As we start to better understand the coronavirus, health experts are worried it could rival the most devastating health crises in recent decades. But is it good or bad? Some people are also worried that coronavirus can jump species and back to us.
Source: Medical Detection Dogs
Patients with coronavirus may have mild or no symptoms and still be spreading it. They have no fevers, no cough. You could be unknowingly, unwittingly, unintentionally spreading this.
To add to this it’s believed the coronavirus is more contagious than seasonal flu. Any method of disrupting the cycle of infection is worthy of our attention.
Scientists in London who’ve had success in detecting malaria have an unlikely method they think could be used in preventing the spread of COVID-19. When you have an infection your body odor, the smells coming from your body, change, which is detectable by mosquitoes.
So mosquitoes find you more attractive when you have a malaria infection. Researchers wondered whether dogs could do the same.
How Does The Training work?
Dogs have got an incredible sense of smell, they've got a very sensitive nose. But they are also able to learn and they can learn smells. So by combining the two, researchers were able to train dogs to be able to detect the smell.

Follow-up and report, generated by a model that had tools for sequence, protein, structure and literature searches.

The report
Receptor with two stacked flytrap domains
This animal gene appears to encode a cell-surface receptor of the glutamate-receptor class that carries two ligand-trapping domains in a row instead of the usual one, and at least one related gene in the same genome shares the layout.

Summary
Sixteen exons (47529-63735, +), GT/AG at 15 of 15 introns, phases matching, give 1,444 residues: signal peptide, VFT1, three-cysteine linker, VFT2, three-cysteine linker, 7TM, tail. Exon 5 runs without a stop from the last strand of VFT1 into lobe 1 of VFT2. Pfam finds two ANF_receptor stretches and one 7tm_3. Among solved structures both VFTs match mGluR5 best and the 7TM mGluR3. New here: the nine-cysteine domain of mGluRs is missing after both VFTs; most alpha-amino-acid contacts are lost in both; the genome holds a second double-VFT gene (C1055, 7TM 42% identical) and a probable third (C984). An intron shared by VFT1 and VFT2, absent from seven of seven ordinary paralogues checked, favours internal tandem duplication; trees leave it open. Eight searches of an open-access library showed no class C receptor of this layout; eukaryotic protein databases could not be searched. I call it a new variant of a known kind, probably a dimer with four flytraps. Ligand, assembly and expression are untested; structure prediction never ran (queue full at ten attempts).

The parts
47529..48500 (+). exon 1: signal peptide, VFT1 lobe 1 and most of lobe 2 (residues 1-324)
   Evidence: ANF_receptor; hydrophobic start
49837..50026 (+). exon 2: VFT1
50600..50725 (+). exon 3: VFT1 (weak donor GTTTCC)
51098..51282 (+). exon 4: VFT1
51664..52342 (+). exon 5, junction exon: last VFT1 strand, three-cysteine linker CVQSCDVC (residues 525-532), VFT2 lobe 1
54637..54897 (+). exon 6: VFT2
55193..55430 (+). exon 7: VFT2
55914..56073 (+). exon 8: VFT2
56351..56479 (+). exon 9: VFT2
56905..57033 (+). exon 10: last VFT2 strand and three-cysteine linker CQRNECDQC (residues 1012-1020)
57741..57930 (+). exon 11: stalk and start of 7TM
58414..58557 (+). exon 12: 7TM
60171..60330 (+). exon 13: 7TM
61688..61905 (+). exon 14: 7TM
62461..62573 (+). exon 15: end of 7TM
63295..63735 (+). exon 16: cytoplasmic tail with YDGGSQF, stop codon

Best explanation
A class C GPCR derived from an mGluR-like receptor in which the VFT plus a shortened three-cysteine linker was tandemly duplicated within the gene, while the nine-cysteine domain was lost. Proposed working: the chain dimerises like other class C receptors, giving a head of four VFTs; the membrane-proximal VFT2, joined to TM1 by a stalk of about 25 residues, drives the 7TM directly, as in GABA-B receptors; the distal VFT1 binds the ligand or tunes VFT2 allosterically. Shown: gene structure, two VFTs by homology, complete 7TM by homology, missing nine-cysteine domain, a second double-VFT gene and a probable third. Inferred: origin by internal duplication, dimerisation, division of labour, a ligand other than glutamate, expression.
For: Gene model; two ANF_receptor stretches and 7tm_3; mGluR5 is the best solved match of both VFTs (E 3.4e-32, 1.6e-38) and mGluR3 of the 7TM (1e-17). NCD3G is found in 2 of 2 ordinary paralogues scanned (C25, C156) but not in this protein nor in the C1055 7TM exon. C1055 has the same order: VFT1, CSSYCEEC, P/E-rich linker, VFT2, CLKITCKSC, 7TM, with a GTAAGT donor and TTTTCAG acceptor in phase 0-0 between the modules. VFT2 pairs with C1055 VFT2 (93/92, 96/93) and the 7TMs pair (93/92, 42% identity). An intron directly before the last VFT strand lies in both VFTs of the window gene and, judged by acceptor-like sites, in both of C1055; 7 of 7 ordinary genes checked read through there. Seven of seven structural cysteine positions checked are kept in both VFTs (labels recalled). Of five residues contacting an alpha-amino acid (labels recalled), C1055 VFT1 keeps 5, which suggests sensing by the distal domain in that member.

Source: Medical Detection Dogs
The “COVID Dog Team” consists of six dogs, including:
- 3 Cocker Spaniels
- 1 Labrador
- 1 Labradoodle
- 1 lab/Golden Retriever mix
The first phase involves collecting samples of patients infected with the new coronavirus in London hospitals. Then, the dog will be trained to recognize smells.
The estimated training time is 6 to 8 weeks. If this test is successful, the first batch of dogs may be beaten at a British airport within six months. Use reward-based methods and clicker training to train dogs. When the dog correctly recognizes the sample, he will be rewarded.
According to Dr. Claire Guest,
“The samples that the dogs will be trained on at the center will be deactivated (dead) virus and therefore of no risk to the dogs or handlers. When sniffing people the dogs will not need to make contact but will sniff the air around a person. The dogs will therefore not be in direct contact with the people screened to prevent the risk of spreading the virus.”
One of the main benefits of it would be that we can rapidly find people who have an infection but don't have any symptoms. So normally we screen people for malaria when they present with the symptoms of malaria and find out if they have it.
What dogs would be able to do with odors is to find people who are showing no symptoms. So those are the people who will carry on a cycle of infection. This is in its very early stages, do you have a time frame?
There are also other people who worry about the dogs. These dogs may help with the re-spread of coronavirus happening as they can smell for the virus. There is a lot of sort of operational issues that we have to address before we can confidently put those dogs into action in an airport, at schools, wherever it might be.
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